Thats basically it! If you want more life out of your tubing, cover the whole thing in duct tape so that the blows won't cut through the foam. Remember: Always fight one another in a safe manner and, if you intend to poke someone's eye out, make sure he has health insurance first.
Ow, ow, OW! Although the above writeup has a good basic set of information, for the love of any body parts you have, please dont use dowels! Dowels are very very prone to shatter--or even worse splinter--when hit hard. Rattan is the best, if not only, sword-making material. Basically a cousin of bamboo but solid all the way through, it has its grain running along the length of the piece and is very very dense, making it nearly shatter-proof. (But remember, a hard enough blow will shatter nearly anything.) Much "wicker" and patio furniture is made out of rattan, but the stuff is fairly hard to find uncut. Some hardware stores carry it. If you can't find it locally, look online with keywords 'SCA' 'rattan' and possibly if you have no work 'raw' or 'uncut' rattan.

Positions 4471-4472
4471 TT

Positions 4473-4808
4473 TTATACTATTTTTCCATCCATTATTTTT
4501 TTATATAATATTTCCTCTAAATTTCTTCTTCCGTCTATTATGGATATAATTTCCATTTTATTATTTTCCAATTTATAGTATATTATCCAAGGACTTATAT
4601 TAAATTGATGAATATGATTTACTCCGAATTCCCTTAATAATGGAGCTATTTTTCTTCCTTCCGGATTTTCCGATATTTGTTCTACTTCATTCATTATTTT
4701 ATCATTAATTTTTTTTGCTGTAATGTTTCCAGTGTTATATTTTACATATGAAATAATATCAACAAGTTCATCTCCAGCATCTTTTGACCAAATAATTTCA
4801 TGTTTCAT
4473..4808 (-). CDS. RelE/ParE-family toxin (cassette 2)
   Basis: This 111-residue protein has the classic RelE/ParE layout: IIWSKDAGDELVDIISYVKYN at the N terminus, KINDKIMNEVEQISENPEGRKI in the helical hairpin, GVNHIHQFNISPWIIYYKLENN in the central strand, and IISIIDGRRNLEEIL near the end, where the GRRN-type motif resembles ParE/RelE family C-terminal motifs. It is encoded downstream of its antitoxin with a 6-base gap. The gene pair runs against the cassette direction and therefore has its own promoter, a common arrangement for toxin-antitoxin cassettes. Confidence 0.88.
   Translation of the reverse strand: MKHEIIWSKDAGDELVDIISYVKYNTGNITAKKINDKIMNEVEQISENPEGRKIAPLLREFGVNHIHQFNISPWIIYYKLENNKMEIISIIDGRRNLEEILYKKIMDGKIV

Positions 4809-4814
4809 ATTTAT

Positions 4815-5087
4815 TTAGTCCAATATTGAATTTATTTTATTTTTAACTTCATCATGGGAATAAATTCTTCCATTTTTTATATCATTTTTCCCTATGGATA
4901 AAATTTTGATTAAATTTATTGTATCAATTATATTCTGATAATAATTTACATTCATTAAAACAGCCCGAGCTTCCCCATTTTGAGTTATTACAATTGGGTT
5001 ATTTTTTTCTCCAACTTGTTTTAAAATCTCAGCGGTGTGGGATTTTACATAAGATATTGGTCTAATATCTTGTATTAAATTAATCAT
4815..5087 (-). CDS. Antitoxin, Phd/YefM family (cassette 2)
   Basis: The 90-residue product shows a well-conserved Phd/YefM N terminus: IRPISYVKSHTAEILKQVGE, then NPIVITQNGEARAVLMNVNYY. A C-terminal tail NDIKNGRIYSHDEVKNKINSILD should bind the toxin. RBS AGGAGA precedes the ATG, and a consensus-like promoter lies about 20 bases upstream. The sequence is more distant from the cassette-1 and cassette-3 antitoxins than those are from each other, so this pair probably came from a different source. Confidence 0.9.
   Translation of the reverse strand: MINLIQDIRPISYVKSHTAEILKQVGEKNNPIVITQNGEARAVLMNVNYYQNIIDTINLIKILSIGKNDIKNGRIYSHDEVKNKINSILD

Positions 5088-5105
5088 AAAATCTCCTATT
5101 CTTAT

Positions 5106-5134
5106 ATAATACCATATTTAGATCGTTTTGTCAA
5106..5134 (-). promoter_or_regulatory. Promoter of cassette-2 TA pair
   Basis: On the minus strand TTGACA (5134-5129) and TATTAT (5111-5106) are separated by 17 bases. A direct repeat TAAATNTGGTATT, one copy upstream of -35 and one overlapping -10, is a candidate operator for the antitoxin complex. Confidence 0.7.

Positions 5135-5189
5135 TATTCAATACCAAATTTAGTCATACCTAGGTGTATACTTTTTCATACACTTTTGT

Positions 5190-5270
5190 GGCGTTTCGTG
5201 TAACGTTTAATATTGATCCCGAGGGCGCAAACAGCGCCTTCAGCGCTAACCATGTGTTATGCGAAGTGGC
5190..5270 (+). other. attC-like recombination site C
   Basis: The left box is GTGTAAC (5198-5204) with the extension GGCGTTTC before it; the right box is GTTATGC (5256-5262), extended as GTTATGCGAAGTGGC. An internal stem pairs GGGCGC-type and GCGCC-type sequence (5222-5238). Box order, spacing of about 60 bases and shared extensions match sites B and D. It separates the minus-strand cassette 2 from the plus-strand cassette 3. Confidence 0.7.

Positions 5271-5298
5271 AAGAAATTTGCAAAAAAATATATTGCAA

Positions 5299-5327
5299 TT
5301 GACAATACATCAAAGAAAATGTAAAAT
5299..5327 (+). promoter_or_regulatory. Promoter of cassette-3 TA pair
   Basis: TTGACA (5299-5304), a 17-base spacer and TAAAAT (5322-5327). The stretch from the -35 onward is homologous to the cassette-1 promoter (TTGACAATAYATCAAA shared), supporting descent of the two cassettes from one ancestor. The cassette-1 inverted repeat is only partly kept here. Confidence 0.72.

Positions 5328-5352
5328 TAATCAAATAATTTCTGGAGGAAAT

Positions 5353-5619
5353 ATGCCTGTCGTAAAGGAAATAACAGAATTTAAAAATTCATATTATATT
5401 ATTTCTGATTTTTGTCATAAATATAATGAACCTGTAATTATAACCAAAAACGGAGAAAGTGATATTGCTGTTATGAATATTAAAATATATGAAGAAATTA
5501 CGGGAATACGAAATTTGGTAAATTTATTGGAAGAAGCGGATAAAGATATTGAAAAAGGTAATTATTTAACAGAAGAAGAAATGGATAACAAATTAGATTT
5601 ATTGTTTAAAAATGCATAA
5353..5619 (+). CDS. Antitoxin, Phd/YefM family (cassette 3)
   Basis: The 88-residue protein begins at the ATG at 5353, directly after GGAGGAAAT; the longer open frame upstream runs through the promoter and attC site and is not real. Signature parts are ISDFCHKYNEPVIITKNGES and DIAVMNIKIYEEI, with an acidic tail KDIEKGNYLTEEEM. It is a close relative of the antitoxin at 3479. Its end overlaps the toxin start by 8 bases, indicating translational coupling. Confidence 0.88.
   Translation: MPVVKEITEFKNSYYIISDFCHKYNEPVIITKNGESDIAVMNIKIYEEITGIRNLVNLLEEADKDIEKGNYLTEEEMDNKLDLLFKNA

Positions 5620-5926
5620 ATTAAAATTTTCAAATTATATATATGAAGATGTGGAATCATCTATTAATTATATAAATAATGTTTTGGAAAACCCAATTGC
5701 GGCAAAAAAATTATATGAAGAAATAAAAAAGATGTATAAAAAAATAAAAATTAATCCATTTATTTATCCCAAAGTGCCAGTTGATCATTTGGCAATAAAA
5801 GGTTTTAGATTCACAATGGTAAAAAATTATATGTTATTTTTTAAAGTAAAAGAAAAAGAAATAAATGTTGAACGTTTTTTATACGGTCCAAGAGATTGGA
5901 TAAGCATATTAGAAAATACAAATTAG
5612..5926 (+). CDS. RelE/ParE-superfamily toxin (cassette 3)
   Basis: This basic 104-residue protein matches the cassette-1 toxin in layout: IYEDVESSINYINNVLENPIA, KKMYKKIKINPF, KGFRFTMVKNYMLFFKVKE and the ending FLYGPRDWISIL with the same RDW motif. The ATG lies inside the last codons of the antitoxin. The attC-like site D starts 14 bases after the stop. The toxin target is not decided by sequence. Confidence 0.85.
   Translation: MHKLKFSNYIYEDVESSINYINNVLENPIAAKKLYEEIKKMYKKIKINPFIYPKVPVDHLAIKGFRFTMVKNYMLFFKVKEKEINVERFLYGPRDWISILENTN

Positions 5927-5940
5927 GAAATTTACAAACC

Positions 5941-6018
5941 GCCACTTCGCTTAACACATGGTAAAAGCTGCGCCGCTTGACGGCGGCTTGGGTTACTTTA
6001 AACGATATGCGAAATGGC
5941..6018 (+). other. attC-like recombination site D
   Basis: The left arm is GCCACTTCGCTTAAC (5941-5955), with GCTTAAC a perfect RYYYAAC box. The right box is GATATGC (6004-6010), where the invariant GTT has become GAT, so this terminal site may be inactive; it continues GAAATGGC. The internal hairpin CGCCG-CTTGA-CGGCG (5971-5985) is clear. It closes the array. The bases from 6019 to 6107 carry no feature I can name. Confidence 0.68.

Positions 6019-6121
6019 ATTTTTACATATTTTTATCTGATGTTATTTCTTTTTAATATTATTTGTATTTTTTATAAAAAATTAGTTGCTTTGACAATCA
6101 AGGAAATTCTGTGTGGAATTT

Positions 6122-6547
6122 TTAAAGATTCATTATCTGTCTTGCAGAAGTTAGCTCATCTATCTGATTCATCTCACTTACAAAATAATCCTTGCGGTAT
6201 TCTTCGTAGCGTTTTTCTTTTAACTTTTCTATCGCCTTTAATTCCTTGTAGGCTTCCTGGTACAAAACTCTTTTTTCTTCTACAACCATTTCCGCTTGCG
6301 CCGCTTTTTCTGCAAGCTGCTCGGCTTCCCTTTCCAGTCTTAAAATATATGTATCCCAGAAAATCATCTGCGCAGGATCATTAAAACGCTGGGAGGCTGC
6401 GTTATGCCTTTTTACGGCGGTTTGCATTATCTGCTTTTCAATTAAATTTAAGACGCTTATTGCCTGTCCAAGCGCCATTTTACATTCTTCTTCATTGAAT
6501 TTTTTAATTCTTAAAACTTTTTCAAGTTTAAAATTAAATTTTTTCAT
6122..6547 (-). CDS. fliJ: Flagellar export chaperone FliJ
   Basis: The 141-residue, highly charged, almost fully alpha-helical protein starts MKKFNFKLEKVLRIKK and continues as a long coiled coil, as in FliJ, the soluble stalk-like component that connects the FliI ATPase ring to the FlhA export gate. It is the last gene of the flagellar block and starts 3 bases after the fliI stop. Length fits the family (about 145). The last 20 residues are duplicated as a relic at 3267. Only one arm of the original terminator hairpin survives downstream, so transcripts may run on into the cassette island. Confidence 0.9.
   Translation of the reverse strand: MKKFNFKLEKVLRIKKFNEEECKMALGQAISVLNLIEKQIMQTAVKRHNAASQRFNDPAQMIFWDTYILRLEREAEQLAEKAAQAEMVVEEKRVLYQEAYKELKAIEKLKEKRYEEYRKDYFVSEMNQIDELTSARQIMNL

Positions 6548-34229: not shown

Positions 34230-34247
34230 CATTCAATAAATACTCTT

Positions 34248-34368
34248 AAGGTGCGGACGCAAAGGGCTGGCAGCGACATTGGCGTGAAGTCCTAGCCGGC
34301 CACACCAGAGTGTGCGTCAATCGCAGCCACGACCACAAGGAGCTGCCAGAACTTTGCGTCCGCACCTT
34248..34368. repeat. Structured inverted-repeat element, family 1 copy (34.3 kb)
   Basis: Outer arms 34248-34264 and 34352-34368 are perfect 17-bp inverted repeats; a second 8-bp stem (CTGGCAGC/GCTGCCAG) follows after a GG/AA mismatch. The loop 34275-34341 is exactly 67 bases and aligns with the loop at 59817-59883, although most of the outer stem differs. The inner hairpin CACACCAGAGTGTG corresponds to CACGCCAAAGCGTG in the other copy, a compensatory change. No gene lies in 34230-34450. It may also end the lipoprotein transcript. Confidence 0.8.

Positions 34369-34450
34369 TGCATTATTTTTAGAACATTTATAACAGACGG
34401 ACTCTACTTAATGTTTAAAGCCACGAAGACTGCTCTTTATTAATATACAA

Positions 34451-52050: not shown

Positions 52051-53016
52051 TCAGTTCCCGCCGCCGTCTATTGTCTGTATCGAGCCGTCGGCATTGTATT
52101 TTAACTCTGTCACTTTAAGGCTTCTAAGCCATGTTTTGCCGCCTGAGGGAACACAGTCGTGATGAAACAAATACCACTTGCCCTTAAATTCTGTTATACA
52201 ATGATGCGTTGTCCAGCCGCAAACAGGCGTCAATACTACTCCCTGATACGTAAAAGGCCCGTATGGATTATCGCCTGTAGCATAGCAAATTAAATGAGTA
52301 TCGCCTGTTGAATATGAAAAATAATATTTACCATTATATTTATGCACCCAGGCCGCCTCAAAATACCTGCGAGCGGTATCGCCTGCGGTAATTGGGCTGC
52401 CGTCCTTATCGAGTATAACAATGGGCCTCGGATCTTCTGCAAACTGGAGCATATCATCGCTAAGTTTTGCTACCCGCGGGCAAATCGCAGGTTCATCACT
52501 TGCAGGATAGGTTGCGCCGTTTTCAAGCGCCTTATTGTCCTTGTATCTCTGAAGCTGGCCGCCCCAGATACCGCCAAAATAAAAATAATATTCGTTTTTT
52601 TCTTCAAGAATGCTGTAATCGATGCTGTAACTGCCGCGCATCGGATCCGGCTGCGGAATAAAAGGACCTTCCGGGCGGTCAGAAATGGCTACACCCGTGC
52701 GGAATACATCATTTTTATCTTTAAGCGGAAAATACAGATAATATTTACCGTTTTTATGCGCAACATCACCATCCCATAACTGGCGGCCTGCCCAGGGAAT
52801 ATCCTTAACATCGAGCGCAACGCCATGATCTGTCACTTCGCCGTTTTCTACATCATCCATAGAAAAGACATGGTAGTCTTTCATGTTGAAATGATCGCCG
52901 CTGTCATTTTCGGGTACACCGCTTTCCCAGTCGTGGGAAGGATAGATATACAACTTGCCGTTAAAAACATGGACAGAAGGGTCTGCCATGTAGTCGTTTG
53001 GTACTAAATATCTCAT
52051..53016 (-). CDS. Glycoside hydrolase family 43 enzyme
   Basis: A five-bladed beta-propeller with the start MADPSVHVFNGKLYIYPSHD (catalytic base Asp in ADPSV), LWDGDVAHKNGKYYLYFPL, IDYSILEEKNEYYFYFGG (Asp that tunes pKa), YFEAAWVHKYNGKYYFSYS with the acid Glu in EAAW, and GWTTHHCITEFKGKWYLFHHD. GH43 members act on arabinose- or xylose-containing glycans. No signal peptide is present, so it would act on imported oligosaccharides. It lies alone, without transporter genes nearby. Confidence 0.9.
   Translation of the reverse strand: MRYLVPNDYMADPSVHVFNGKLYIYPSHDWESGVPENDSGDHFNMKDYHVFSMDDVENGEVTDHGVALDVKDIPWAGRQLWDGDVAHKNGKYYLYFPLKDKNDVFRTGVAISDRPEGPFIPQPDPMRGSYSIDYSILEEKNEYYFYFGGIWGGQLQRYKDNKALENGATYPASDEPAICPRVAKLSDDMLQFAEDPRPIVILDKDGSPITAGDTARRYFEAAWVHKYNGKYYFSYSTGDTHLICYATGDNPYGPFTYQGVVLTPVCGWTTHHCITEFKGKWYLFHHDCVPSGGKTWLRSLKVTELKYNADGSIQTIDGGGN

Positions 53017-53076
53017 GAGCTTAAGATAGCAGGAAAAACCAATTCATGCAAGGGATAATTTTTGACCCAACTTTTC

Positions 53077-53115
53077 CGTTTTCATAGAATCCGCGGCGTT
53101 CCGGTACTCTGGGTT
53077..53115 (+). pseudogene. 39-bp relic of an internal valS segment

In terms of construction... a lot of SCAidans use pure rattan as their blades. But more and more of late, a good number are using a retan core and coating it with rubber/plastic tubing, some bastardized half-cousin to pvc pipe but much less brittle.